I can just see the painted portrait of mike on your wall, the moody lighting. The screaming out. “WHHHHHY???? WHHHHHY DO YOU DO THIS TO ME?!” As you collapse to the ground with tears streaming down your face.

Right, back to work.

Gwiz (profile) says:

Re: My Professors Would Fail The People Who Wrote This Letter.

They cited Wikipedia. That was considered an auto fail by many of my professors.

I find that kind of funny myself. I actually trust Wikipedia more than I do an encyclopedia these days.

At the very least, the fact that Wikipedia doesn’t fall under the complete control of one corporate entity makes it more trustworthy in my book. Add in the fact that Wikipedia links to most of it’s sources so you actually can verify the information with a click makes it even more so.

Anonymous Coward says:

Re: Re: My Professors Would Fail The People Who Wrote This Letter.

I would smack the student for not following the links on to the original source. Wikipedia’s “malleability” is a major problem for academic work. On the other hand, I happily tell students to go use it to get ideas for papers if they have no familiarity with the topic. Go read the Wikipedia article. Find some aspect of the topic you think is interesting. Then follow the source links to start your research for the actual writing.

I don’t know any instructor past junior high that would let you get away with using a print encyclopedia for a source, so I am not going to let a college kid do it for an electronic one.

AzureSky (profile) says:

Re: Re: Re: My Professors Would Fail The People Who Wrote This Letter.

many older instructors/prof still allow print encyclopedias in my exp, but dont allow any electronic sources as they either dont trust them OR in even more cases, dont understand computers well enough to check up on the sources.(sadly I am not even joking, my buddy had one recently who cant even use email they have a TA who prints it for them, then types up replies from hand written letters…)

I have had instructors who allows wikipedia as a source but not as the primary source, BUT you could comb threw the sources on the wikipedia artical and link them, and it was fine.

made me laugh..

did have one that would fail if you even mentioned wikipedia in class, but gave me an a+ on a paper I did about wikipedia and the fact that time and time again its been found to be just as if not more reliable then dead tree encyclopedias(both are known to contain errors, dif being wikipedia can be fixed quickly and easily…..paper book cant)

Andrew (user link) says:

Re: My Professors Would Fail The People Who Wrote This Letter.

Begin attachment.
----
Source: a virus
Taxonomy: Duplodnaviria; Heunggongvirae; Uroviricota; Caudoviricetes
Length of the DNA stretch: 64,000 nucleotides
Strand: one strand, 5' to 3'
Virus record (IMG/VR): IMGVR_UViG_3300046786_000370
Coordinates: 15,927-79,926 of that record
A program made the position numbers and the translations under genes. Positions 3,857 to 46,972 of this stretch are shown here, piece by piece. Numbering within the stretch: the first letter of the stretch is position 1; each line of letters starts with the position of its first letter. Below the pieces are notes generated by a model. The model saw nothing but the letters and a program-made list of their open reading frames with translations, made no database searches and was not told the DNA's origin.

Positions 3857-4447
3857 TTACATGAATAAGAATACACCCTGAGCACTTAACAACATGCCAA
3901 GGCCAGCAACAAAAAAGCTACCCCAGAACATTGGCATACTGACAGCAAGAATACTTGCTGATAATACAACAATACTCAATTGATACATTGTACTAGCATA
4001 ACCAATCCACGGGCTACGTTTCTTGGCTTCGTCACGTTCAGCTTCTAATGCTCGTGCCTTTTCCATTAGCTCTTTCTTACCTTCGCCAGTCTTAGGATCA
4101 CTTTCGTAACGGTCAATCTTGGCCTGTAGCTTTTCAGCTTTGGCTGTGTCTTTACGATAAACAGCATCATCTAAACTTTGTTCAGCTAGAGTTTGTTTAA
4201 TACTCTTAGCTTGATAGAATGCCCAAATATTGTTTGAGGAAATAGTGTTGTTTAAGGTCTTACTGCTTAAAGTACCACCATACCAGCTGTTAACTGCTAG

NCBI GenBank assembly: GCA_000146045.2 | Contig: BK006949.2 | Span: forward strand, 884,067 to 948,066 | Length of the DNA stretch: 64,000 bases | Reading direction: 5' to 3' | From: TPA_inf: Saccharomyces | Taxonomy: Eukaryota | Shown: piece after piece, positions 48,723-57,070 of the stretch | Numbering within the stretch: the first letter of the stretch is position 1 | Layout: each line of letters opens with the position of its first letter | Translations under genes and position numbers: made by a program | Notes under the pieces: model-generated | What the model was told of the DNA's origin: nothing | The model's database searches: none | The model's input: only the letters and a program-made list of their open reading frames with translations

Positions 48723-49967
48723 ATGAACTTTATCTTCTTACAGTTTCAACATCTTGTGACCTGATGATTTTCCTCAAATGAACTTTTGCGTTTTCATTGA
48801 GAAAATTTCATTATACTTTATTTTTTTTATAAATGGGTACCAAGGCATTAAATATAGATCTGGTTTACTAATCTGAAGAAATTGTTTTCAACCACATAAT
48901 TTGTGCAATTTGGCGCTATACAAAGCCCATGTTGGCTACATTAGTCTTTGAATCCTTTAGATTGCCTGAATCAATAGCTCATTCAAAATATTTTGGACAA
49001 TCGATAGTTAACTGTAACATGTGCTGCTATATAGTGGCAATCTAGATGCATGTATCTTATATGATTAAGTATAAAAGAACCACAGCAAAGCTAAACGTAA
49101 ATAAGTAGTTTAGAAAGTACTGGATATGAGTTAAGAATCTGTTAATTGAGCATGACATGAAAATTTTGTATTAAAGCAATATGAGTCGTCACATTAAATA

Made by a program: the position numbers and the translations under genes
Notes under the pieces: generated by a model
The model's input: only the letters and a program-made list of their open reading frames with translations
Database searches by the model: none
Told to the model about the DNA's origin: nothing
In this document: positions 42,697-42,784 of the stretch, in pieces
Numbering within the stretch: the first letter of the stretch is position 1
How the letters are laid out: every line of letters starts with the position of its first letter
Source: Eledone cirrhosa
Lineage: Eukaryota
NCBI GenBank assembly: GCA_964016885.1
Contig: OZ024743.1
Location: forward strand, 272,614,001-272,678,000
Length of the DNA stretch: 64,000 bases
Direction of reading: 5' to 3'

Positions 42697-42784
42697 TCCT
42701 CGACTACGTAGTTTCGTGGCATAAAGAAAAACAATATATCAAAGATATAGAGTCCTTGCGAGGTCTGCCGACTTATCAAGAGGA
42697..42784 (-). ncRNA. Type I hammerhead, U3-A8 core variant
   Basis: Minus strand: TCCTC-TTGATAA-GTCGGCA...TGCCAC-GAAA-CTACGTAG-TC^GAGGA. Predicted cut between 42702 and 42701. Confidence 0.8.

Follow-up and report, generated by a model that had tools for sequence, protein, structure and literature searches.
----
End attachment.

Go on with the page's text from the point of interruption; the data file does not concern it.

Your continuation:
Thanks. The point (I am one of the writers) of citing to Wikipedia is to illustrate the inherent silliness of the ABA’s claim. As a college professor myself, I also happen to know that Wikipedia is as accurate as Encyclopedia Brittanica.

Anonymous Coward says:

Re: Re:

First comes discussion, then the offer of coffee with Mike then back to OOTB/AJ/Horse’s place for ‘coffee’…….

Before we know it this sites been renamed TechDirty and its just a serious of pictures of Mike + OOTB in bed together.

(Obvious Mike by this point is heavily sedated and foot-cuffed to the bed)….

Anonymous Coward says:

Re: Re:

I’m guessing your actually OOTB, but whoever you are I wish the techdirt team could just ban you so you would go the fuck away. Seriously have you noting better to do than troll. Go start your own site about tech news if you dislike this site so much.

The fact that day after day you and your type troll, bringing nothing to the argument other than that you hate Mike and everything he says, has become tiresome.

Ihsan (profile) says:

Re: سمَـَّوُوُحخ ̷̴̐خ ̷̴̐خ ̷̴̐خ امارتيخ ̷̴̐خ

The string of arabic characters you included will apparently crash browsers and apps running the current version of iOS and OS X. Your charming follow-up sentence helps it to blend it, but I thought I recgonised it from somewhere.


Andrew (user link) says:

Re: Re:

Sorry you feel that way. I greatly admire Mr. Kaplitt’s work, and yes, his letter served as partial inspiration. But I’ve been writing stuff like this for years and it’s all over the interwebs. I’m an over-the-top guy. Just so you know — you saw the toned-down version. My secretary wouldn’t let us send the first draft. In the immortal words of Joan Jett: “I don’t give a damn ’bout my bad reputation.”